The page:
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Staying in Control of Your Safety

May 24, 2012

In a previous blog, we discussed how individual characteristics can contribute to how safe an individual is. We presented the SafetyDNA S.A.F.E. model of safety. The first characteristic in this model has to do with Staying in Control. That is, being responsible for what happens in your life and keeping control of your emotions when faced with an unsafe or potentially unsafe situation.

Do you know someone who always seems to have bad things happen to them? I personally know someone who has lost several jobs and been involved in multiple automobile accidents. To hear her tell it, her supervisors never liked her and the accidents were never her fault. She says she is just a victim of bad luck – “Why do bad things always happen to me?” I’m not saying that there isn’t such a thing as bad luck, people definitely have unexpected or surprising things happen to them. But, when someone has a long history of bad luck, it is time to look inward.

People who regularly place the blame on others or forces beyond their control have what psychologists call an external locus of control. This way of thinking can lead to “bad luck,” because these individuals don’t feel like they are in control of their lives and what happens to them. People with a strong external locus of control might see a hazard directly in front of them, but do nothing about it because they don’t think they can or should.

Imagine you were riding in a car with someone like this.  As the driver approaches a congested merge point, a car trying to merge into traffic is forcing its way in. Being the careful and attentive person that you are, you advise the driver to “watch out”. Whereby, you may get this in reply, “Oh, they see me and I have the right of way.” Of course, what if they don’t see you?  Does it really matter who has right of way if you have a chance to prevent an accident? Worse, what if the other driver is also someone who is not staying in control of their actions either? Flash forward to the crunch of metal and two drivers invariably blaming the other.  The point being, individuals with an external locus of control are less likely to take action when the situation calls for it. This can lead to accidents and injuries in a workplace.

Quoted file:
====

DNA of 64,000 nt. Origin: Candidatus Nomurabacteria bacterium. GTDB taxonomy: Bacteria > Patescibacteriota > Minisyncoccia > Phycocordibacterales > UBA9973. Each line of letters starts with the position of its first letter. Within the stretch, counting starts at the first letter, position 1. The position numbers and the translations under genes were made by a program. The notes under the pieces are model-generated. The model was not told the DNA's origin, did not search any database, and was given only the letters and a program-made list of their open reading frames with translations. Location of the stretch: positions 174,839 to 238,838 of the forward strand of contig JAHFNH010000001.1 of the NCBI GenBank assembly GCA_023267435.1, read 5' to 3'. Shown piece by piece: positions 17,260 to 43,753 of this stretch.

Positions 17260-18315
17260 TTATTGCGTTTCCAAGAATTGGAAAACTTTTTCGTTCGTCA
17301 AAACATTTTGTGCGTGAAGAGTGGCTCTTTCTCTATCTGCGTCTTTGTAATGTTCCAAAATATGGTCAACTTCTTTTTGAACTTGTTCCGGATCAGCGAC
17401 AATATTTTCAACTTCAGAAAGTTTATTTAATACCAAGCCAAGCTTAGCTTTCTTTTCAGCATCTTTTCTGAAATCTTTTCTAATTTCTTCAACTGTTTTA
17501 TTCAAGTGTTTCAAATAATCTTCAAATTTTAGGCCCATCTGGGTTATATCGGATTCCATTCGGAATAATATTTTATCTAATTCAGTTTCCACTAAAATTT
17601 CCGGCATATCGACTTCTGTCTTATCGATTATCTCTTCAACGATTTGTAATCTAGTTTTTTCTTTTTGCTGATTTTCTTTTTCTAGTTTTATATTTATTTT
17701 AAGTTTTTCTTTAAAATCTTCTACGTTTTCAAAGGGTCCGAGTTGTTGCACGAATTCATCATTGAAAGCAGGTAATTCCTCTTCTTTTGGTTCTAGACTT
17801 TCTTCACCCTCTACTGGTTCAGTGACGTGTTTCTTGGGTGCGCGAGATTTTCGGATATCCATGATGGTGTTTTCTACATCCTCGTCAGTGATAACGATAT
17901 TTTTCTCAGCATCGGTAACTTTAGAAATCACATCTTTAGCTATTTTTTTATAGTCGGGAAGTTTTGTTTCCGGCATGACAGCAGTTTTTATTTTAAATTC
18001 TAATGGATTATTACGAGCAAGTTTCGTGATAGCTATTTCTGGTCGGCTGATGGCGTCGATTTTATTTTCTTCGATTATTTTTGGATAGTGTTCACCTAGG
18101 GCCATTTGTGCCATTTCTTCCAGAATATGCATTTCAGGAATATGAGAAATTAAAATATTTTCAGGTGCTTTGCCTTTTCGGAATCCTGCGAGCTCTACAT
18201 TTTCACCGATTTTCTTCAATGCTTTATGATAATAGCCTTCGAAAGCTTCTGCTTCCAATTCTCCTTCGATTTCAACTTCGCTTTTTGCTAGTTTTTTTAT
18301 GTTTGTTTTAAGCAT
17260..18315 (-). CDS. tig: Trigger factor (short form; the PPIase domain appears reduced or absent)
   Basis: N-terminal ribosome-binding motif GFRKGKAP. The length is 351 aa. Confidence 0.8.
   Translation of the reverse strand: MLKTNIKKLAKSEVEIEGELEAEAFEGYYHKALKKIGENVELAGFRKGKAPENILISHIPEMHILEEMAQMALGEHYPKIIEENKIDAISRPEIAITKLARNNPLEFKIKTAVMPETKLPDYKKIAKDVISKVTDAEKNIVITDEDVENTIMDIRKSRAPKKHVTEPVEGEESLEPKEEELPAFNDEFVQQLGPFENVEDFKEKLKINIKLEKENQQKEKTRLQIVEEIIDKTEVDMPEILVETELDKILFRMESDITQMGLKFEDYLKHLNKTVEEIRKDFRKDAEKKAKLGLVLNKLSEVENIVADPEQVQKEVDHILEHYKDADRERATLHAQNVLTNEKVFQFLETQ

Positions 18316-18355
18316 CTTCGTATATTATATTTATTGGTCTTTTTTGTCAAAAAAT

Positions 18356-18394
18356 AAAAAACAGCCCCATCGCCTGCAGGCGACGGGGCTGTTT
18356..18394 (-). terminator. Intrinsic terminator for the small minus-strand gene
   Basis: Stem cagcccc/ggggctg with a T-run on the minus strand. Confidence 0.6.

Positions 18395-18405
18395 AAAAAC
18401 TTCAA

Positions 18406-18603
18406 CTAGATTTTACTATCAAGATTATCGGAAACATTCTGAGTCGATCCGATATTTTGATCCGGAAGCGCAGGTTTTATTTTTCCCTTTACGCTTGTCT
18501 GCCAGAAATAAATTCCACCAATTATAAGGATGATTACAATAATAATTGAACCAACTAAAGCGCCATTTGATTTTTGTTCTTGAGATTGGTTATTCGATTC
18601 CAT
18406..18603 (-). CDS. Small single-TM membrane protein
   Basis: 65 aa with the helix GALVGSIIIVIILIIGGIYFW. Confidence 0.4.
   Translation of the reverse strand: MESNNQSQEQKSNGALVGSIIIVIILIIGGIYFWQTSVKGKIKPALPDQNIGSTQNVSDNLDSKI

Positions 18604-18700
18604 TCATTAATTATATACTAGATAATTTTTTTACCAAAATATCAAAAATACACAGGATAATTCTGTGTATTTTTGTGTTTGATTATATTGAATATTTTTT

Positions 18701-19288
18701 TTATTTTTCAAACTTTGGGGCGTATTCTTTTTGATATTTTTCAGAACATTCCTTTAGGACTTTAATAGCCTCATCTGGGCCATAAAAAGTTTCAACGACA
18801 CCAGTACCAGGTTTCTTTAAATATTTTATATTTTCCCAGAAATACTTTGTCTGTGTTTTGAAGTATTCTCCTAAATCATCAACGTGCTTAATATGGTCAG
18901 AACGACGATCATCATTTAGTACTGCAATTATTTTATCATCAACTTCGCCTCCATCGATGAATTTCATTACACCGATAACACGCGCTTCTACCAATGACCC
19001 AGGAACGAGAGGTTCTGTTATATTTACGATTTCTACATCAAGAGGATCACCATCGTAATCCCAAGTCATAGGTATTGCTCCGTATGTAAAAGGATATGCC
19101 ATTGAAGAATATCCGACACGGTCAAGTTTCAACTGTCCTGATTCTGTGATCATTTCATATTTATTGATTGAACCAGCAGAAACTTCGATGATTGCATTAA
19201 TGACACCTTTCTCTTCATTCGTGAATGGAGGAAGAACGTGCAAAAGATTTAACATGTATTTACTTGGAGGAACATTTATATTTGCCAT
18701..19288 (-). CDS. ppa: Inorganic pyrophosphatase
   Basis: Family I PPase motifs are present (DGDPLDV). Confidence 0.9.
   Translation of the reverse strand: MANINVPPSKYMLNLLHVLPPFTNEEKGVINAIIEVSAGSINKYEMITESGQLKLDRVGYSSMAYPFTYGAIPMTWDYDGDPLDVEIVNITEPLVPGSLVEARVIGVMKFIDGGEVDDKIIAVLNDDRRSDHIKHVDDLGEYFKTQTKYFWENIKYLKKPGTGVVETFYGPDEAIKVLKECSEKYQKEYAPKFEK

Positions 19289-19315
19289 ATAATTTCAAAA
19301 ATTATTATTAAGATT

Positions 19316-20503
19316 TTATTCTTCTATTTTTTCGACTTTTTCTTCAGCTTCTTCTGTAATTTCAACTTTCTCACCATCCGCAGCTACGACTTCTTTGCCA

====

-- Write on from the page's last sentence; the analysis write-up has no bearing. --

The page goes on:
A second way that control comes into play with regard to safety is through emotional control. Picture someone who finds themselves in a crisis situation and panics. I can picture any number of situation comedies where a character is running around screaming for help and losing control. The stress of the situation has caused them to make poor decisions, which has put them in an even bigger predicament – slapstick comedy at its best. Those situations are great comedic fodder.  However, in real life, it’s not funny at all; people can get hurt. Research shows that individuals who can maintain control of their emotions are more likely to be able to act appropriately and prevent safety incidents.

If you want to be safe, take action and stay calm. Stay in control. Next time we’ll talk about Awareness and how that can also contribute to your workplace safety.

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Amie Lawrence, Ph.D. Amie Lawrence, Ph.D. is the Manager of Product Development at PSI. She is an expert in the design, development and validation of psychological assessment tools. An integral member of PSI since 2000, Amie has led the development of numerous competency-based assessments, including online in-baskets, job simulations and motivational fit instruments.